For all the optimistic talk regarding Unemployment and our economy in general, the U.S. is not progressing, and comparing this recession to previous recessions we appear to be going backwards, which is amazing considering the sheer amount of stimulus that has been pumped into the system.

We have witnessed the most aggressive monetary stimulation policy in American history which has increased the money supply by a trillion dollars and over the past three years. Instead of growing, the economy has been in contracting. The annual growth rate for gross domestic product in 2010 and 2011 was 2.4 percent. In 2012 that figure dropped to 1.5 percent. The collective growth for the last 12 quarters has been a mere 6.3 percent which makes it the weakest of the last 11 recession recoveries going back to the close of World War II.

Economic detractors are lined up in such a fashion as to hint that things will limp along for some time to come. The new health care tax will siphon $30 billion off of the economy. The 2% jump in payroll tax will affect around 160 million workers and remove $110 billion from their expendable incomes. The great sequestration will pull $600 billion out of government spending and the economy in the upcoming 10 years. The latest increase in gasoline prices of 50 cents per gallon will undoubtedly pull consumer discretionary income down further.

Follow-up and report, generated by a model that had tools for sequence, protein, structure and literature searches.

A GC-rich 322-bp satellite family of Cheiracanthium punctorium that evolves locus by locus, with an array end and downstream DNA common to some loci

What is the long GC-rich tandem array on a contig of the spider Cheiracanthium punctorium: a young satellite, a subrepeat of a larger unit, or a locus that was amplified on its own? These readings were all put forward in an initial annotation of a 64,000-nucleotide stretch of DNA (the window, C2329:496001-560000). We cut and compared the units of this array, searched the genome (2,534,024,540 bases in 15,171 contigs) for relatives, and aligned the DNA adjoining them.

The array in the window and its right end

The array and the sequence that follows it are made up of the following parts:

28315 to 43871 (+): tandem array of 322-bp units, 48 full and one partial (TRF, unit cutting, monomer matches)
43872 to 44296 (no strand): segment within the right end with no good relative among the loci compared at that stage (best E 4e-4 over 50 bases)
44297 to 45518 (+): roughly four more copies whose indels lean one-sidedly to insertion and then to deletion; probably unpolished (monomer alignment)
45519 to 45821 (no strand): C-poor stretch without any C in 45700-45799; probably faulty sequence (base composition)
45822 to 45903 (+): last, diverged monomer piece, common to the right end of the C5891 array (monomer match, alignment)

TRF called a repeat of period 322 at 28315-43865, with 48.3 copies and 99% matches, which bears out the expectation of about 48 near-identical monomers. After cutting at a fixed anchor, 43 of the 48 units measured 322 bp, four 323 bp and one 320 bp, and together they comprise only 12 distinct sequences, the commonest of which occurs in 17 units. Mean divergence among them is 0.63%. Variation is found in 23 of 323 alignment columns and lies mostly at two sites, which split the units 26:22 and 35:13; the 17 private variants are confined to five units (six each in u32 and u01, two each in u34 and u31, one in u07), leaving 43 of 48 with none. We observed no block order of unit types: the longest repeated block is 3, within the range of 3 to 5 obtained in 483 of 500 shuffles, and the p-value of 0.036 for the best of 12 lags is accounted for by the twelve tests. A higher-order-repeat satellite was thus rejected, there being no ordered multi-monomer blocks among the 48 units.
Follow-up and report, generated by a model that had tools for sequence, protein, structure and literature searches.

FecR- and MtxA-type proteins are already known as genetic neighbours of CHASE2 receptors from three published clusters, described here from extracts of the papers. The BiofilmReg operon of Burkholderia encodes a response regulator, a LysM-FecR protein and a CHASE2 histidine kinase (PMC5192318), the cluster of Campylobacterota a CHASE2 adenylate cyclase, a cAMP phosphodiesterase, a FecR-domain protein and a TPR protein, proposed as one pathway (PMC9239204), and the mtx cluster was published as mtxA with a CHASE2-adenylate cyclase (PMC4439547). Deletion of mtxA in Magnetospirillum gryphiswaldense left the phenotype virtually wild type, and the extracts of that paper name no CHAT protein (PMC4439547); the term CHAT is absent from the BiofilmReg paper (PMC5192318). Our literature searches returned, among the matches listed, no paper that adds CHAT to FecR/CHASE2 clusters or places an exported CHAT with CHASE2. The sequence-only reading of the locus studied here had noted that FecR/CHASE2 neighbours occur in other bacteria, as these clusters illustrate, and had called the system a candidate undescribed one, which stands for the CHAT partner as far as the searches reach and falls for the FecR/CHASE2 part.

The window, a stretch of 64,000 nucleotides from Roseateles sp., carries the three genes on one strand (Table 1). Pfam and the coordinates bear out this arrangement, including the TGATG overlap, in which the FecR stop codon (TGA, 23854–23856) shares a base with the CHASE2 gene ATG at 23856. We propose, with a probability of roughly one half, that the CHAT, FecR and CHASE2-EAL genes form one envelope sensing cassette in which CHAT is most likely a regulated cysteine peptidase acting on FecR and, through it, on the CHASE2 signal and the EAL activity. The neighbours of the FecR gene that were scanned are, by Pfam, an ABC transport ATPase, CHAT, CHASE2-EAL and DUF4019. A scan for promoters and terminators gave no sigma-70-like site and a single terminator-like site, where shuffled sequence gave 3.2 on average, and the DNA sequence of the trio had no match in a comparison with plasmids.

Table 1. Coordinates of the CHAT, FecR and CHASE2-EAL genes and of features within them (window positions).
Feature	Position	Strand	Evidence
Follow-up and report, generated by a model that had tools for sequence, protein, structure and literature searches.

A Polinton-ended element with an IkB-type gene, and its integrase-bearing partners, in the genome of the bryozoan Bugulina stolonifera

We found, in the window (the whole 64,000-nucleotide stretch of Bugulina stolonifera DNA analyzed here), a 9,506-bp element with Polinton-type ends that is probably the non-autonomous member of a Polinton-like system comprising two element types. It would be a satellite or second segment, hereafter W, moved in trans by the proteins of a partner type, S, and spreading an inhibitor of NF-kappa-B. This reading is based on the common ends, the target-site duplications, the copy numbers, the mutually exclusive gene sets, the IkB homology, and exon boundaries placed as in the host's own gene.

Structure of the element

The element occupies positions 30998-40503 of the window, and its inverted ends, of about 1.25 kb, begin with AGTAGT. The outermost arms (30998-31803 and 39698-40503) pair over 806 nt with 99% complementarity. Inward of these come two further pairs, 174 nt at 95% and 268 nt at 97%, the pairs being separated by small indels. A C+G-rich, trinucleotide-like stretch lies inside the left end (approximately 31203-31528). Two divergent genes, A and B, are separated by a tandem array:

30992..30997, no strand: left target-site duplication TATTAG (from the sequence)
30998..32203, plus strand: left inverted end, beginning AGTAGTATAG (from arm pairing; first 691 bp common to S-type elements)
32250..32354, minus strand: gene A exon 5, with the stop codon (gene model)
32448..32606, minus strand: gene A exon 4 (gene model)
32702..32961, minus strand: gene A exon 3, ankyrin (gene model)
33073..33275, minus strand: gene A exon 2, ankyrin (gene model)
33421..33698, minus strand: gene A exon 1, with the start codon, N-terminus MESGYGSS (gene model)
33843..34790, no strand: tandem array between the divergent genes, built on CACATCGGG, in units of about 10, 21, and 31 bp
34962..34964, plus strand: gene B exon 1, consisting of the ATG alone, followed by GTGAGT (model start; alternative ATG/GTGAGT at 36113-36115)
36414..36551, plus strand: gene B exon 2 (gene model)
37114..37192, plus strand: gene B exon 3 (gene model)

The February unemployment rate as seen in the press was 7.7%, a drop from 7.9% in January. But if you consider those who are left off the list, such as “discouraged workers” no longer looking for a job, or involuntary part-time workers and others who are “marginally attached” to the labor force—then the unemployment rate is between 14% and 15%.

The 236,000 net new jobs added to the economy in February is something less than the whole story. The gross number of new jobs included 340,000 that came from the part-time, low wage category. Many of these new jobs, rather than being taken by those who are unemployed, are going to people who are already working at second or third jobs.

The time to reach a new peak in employment after the onset of a recession, at least since World War II, has been 24 months. However, it has been over 60 months and we have still not seen that low water mark from 2007 on low unemployment.